Dimi Papadatos doesn't have time to dwell on the shattering sequence of events that wrecked his chance to secure a European Tour card.
The 27-year-old New South Welshman is intent on bouncing back quickly at this week's NSW Open and next week's Australian Open.
But he must put behind him disqualification from the secondary Challenge Tour Grand Final in the United Arab Emirates last week.
Needing a good result to jump at least four places from 19th on the Challenge Tour rankings and claim a European Tour berth, Portugal Open winner Papadatos was looking good after four birdies on his first six holes.
However a triple bogey on the 10th was followed by a quadruple-bogey eight on the 12th.
After finding the water a second time, Papadatos did what many golfers would and let his 8-iron fly into the turf.
He used it again in a fairway bunker on the 14th but it wasn't until he pulled it from his bag on the 17th that he noticed a slight bend in the shaft.
RIGHT: Papadatos will play the NSW Open, Australian Open and Australian PGA Championship this summer. PHOTO: Quinn Rooney/Getty Images.
Papadatos reported it to officials and a few hours later he was on a flight home, disqualified for using a club that had been altered or damaged other than in the normal course of play.
"I told my caddie and he was like 'surely it's not' (a disqualification)," Papadatos told AAP.
"My playing partner thought the same and the rules official did ring around to see if there was a loophole, but there was nothing they could do.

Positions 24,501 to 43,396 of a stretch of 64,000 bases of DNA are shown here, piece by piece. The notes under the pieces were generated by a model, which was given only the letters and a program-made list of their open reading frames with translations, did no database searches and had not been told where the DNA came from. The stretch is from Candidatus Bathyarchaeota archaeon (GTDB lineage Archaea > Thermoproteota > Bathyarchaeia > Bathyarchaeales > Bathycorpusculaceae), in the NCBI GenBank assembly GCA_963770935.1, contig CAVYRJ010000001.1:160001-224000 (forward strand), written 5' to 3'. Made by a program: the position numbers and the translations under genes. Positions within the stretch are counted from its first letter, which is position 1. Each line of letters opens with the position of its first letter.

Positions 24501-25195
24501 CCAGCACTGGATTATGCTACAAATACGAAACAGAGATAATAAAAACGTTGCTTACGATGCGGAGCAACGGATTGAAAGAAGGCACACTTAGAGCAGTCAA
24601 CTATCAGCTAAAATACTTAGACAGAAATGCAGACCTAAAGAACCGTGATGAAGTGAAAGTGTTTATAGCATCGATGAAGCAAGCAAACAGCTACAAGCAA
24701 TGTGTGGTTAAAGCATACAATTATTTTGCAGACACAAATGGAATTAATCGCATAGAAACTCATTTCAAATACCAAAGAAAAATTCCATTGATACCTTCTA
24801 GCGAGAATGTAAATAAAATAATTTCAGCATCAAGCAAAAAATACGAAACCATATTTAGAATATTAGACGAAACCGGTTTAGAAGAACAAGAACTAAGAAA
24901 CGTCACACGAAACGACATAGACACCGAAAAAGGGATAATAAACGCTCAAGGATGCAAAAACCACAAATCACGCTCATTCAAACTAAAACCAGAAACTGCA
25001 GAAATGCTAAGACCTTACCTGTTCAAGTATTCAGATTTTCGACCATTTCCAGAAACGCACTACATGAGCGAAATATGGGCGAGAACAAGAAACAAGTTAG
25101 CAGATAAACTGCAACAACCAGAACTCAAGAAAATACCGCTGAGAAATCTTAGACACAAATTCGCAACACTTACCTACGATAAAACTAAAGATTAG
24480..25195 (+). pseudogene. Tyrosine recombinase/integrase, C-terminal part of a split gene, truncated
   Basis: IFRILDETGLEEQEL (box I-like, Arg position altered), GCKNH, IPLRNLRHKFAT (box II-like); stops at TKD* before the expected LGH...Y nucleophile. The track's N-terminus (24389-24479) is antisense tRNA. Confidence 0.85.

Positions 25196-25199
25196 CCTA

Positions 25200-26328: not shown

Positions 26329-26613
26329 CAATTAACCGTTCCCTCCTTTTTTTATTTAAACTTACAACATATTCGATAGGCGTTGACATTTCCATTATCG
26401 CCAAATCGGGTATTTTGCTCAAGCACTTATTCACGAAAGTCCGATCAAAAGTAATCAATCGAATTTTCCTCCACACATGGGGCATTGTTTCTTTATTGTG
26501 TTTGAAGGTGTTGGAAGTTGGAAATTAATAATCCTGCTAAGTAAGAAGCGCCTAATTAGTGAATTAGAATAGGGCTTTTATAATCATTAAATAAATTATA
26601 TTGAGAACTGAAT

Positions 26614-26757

"I'm the same as anyone who's had a triple and a quadruple (bogey), I'm alright but definitely not an angel out there."
"You put all your time, money, energy and life in it and the rewards are big, but the downs are very low as well.” – Dimi Papadatos
Papadatos will tee it up in the NSW Open at Twin Creeks in Sydney from Thursday and look forward to a summer that includes the Australian Open at The Lakes and Australian PGA Championship on the Gold Coast.
A Challenge Tour ranking of 21 will still allow him opportunities on the European tour next year but he knows he can't afford to waste any more chances.
"You put all your time, money, energy and life in it and the rewards are big, but the downs are very low as well," he said.
"You start getting used to it, realise it's going to happen – that was just a very unfortunate time for it to happen."
- Murray Wenzel, Australian Associated Press